A Christmas Message from the Superintendent General

Two weeks ago, at the Portland International Airport ticket counter, I opened my passport to the photograph page as I prepared to hand it to the agent. Looking down, I was stunned to see a photo of Debbie looking back at me. I had brought the wrong passport! My leisurely morning suddenly turned to panic mode.

Earlier that morning, I had awakened at 3:15 a.m., an hour before my alarm was set to go off. The appeal of a cup of coffee and an hour at my desk motivated me to get up. At the corner of my desk rested the passport. Closer to where I sat, in my top left drawer, rested the correct passport. The two are actually very similar: they have the same issue and expiration dates, and the two nine-digit passport numbers are identical except that one ends with a five and the other with a six. However, the inside photographs and names are clearly different. I had missed the obvious, and walked out of the house with the incorrect passport.

Consider how many miss the obvious during the Christmas season. Even though Christ is often removed from Christmas by calling it “Xmas,” nearly everyone on our planet is well aware that December 25 is indeed Christmas. This is the day that the birth of Jesus Christ is acknowledged by the world and celebrated by Christians. Even so, many miss the obvious significance. For years, I was one of them. Growing up, my six siblings and I celebrated the day by unwrapping gifts from our parents. However, the real meaning of the holiday escaped me until I became a Christian as a young adult.

We read in the Gospels of many who missed the obvious when Jesus was born. The shepherds made known abroad the angelic message, but we have no record that anyone did anything more than wonder at those things which were told them by the shepherds. Many were in the Temple when Mary and Joseph presented their Baby to the Lord, but we only read that Simeon and Anna acknowledged Him as the long-awaited Messiah. The scribes told Herod that the infant King was to be born in Bethlehem but they did not bother to take the six-mile trip to see Him. In fact, though all Jerusalem was stirred when the Wise Men declared that the King of the Jews had been born, we have no record that even one person followed them to the house where the star led.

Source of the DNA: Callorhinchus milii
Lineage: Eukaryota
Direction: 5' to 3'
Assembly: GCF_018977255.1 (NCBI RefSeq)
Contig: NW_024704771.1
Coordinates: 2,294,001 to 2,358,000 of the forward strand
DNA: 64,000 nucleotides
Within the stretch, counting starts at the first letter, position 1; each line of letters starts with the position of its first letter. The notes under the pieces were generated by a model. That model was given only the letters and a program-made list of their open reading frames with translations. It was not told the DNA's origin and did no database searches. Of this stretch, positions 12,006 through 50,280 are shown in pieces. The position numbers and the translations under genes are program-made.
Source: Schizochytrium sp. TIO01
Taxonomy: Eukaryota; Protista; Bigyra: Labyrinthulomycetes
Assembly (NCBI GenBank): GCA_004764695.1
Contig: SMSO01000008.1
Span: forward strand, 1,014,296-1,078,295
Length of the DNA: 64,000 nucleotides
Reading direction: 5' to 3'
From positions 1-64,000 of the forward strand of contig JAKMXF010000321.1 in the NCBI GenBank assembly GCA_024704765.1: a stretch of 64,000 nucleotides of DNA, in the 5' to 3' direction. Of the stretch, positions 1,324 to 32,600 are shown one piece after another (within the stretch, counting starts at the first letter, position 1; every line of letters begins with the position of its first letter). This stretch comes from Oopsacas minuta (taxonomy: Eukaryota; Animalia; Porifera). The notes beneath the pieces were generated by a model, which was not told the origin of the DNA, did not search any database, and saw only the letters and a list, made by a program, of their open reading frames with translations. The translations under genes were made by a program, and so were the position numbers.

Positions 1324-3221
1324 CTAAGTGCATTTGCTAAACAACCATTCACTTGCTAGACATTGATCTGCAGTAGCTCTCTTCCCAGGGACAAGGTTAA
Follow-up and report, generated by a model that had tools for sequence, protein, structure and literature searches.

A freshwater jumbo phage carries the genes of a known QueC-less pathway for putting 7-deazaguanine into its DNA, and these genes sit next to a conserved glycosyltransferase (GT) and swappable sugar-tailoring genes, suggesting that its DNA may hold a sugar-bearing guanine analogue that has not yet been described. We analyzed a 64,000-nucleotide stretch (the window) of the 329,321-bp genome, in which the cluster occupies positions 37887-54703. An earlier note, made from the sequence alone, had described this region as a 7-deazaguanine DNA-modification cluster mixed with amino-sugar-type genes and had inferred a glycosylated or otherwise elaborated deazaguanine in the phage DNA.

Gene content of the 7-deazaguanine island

Christmas was a happy time during my growing-up years. Only after we received salvation did we understand what should have been obvious much earlier—Christmas is about celebrating the fact that God gave His Son that we might all be saved.

As it turned out, my son-in-law is an early riser and he answered my 5:00 a.m. phone call before my departure to Lagos, Nigeria. Then he, my daughter, and my wife easily located the correct passport and brought it to me with time to spare. Missing the obvious that day only cost me and my family members some anxiety. To miss Jesus as the Savior who God gave for our redemption is to miss abundant life free from sin and condemnation, with a hope of seeing Him at His soon return.

As the world pauses to acknowledge Christmas Day, may we be among those who celebrate the meaning of the day. Debbie and I wish you a Merry Christmas and pray for the New Year to bring you many blessings. 

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